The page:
The Jane and Finch neighbourhood of Toronto is home to a diverse multicultural population, but it’s also known for having some of the highest rates of crime and poverty in the city. Given the complex issues affecting health in the region, advance care planning may not seem like a priority. The Jane and Finch Family Health Team, however, sees these conversations as critical to the wellbeing of patients and their families, and an integral component of care.
“Many of my patients don’t have the finances to do wills or meet with lawyers to go over details such as choosing a substitute decision maker,” says Dr. Suzanne Strasberg, a member of the Family Health Team. “We wanted to provide them with information and tools to help them share their wishes for care with us and with their family and friends.”
Dr. Strasberg uses tools from the Speak Up Primary tool kit, which includes posters, handouts and pamphlets that describe advance care planning and how to create a plan. Given that many of her patients are not native English-speakers, she uses materials are clearly written and easy to understand. The team is currently prioritizing patients based on age or health issues, broaching the topic at appropriate times during care.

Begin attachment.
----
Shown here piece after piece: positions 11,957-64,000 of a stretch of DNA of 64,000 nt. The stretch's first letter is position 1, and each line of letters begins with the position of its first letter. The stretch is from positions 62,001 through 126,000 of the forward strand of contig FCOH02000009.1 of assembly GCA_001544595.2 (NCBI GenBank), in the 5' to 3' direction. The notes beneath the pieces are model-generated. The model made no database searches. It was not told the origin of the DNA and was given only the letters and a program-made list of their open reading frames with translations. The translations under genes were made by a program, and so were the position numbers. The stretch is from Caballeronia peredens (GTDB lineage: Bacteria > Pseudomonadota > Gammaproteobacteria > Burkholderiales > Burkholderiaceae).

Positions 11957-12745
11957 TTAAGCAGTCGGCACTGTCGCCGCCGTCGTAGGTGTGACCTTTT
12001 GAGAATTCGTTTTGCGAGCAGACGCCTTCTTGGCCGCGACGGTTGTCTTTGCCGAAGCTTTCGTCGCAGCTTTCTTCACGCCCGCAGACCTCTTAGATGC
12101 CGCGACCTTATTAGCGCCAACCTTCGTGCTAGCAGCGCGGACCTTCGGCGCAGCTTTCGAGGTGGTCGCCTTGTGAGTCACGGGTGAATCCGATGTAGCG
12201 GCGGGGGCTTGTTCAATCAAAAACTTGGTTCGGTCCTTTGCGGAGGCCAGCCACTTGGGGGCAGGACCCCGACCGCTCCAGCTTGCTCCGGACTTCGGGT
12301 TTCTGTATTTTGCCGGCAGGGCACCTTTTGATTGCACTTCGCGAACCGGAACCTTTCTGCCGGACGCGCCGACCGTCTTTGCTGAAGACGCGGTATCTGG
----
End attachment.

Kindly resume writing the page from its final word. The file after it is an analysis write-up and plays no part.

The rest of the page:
Along with classroom sessions, social workers on the Family Health Team have had more than 50 one-on-one counseling sessions with patients. The initiative has also been recognized by Cancer Care Ontario as a notable change idea for quality improvement. Dr. Strasberg says that while there was a bit of resistance at the beginning, patients tend to be relieved to have the conversation. “Patients appreciate that we care enough to ask and that we take the time to know more about them.”